Snakes, Drakes and Baetis Bonanzas


I lived in Jackson, Wyoming, back in the 1990s, scratching out a living at the local newspaper, spending my pennies on cheap beer and as many flies as I could buy while still paying the rent.

The rent. It was astronomical for what I lived in — a rustic log cabin with cold running water, an outdoor sun shower, and holes in the walls large enough for birds to fly in and out at their whims. A girlfriend I’d moved over from Seattle lasted five days.

Fortunately, this cabin was located outside town, just on the edge of Grand Teton National Park, between it and the Snake River were numerous spring creeks that held large, native Yellowstone cutthroat trout. Were they private? I think so. Did I care? Yes, to the extent that I wore muted clothes, followed the densest vegetation, and got a bit of a backache from being hunched over all the time. Clearly, the creek behind my cabin, where I could see cruising cutts was private. A kingfisher on patrol, perched on a No Trespassing sign, chastised me each time I threw a cast from the porch. The other creeks? It was a toss-up.

In the evenings, after work, I’d fish those creeks for a while before heading out to the Snake River, where more eager cutthroats finned. During that summer in Jackson I learned that anglers needn’t worry about matching specific hatches when fishing cutthroats — they ate bushy dry flies and general attractors as well as anything else, which was a pleasant change from the picky rainbow trout that I’d pursued on Montana’s Clark Fork River while attending college in Missoula. Dave’s hoppers, parachute hoppers, parachute Adams’, convertibles, royal Wulff’s, ants, beetles … If it looked buggy and floated with a mostly dead drift, you would catch fish on the Snake.

At least, that was my take until late summer 2008. That’s when I was invited to fish in Jackson’s One Fly Contest where anglers are restricted to a single fly all day. If you break it off on the first cast, too bad. At the end of the day, the person who’s landed the most trout on a single fly is pronounced the winner. That’s why I wanted to fish a convertible, a stout, bushy attractor dry that would stand up to some solid maulings by those Snake River cutthroats. But my guide, Trey Scharp, said we wouldn’t fish much on the mainstem Snake where those cutthroats wanted it big and bold. Instead, we’d focus on the braids and side channels where some large, wary fish could be found. He said my big dry would look like a yacht floating down the stream and those picky big guys wouldn’t buy in. I said, “They’re cutthroats, they’ll eat anything.” Scharp responded, “I know they’re cutthroats, but the ones we’re looking for are different.” I sighed, acquiesced, and tied on a diminutive size-16 pattern called an olive Snake drake.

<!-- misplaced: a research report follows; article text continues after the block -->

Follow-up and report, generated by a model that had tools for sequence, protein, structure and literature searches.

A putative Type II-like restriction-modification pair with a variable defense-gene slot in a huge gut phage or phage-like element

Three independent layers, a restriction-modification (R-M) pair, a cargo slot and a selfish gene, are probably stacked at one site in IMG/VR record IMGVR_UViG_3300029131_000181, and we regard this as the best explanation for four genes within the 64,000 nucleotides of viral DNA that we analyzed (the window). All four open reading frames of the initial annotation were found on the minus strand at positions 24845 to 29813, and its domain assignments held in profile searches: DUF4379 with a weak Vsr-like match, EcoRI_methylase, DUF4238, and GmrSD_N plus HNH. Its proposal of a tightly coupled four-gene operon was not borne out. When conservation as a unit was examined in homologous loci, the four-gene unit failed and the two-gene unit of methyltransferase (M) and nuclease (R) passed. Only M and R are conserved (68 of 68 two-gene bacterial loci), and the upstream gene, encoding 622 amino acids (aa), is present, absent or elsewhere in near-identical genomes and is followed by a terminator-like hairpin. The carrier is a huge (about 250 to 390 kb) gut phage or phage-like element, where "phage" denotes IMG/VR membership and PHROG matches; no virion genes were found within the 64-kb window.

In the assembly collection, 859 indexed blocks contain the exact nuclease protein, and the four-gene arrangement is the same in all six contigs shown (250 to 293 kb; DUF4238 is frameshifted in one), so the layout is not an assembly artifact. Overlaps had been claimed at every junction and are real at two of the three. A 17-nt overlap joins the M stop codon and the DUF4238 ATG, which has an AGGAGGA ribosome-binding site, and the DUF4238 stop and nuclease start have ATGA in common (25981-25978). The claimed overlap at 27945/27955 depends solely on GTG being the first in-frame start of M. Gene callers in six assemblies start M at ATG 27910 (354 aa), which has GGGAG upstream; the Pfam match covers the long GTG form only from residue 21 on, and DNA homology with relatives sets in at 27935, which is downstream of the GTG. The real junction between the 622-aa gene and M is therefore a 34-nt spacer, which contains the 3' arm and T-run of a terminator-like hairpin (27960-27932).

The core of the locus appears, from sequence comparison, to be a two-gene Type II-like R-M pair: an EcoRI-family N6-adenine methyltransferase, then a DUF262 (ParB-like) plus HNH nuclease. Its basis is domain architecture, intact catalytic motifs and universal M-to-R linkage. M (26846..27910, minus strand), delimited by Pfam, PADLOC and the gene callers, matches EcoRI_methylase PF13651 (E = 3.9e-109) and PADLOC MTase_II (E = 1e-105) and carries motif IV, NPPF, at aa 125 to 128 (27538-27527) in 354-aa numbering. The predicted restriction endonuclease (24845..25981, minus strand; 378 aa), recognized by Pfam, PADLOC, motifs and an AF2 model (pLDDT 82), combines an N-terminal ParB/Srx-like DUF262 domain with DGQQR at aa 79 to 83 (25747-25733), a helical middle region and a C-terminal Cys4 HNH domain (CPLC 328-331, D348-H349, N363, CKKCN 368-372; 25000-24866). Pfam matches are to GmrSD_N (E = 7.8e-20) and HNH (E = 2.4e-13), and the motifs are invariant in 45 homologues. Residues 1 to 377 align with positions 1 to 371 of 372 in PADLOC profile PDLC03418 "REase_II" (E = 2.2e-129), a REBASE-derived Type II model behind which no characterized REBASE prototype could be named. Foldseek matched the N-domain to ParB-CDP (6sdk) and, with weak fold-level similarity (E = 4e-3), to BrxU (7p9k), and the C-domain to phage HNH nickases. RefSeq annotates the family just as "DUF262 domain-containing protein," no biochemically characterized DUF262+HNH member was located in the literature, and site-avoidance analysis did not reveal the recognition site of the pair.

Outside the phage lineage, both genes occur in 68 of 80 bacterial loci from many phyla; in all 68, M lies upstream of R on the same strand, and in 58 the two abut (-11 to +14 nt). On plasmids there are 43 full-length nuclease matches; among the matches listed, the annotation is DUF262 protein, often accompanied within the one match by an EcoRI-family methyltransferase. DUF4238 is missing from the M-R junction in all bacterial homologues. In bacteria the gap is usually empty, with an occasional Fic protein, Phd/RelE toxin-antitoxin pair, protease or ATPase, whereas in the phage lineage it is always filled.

The Snake drake actually matches a bunch of summer mayflies, including the ubiquitous pale morning dun, but on this summer afternoon it was a specific match for the Hecuba mayfly, which is present on the Snake and many other Western streams during late summer and fall. It’s a big bug, a size 14 or 16 in most cases, large enough to turn the Snake’s trout off of those bushy attractors in favor of specific imitations. At least, that’s what Scharp said. I was doubtful until we started pulling into obscure side channels and those cutthroats responded. By midday I’d landed a half-dozen fish.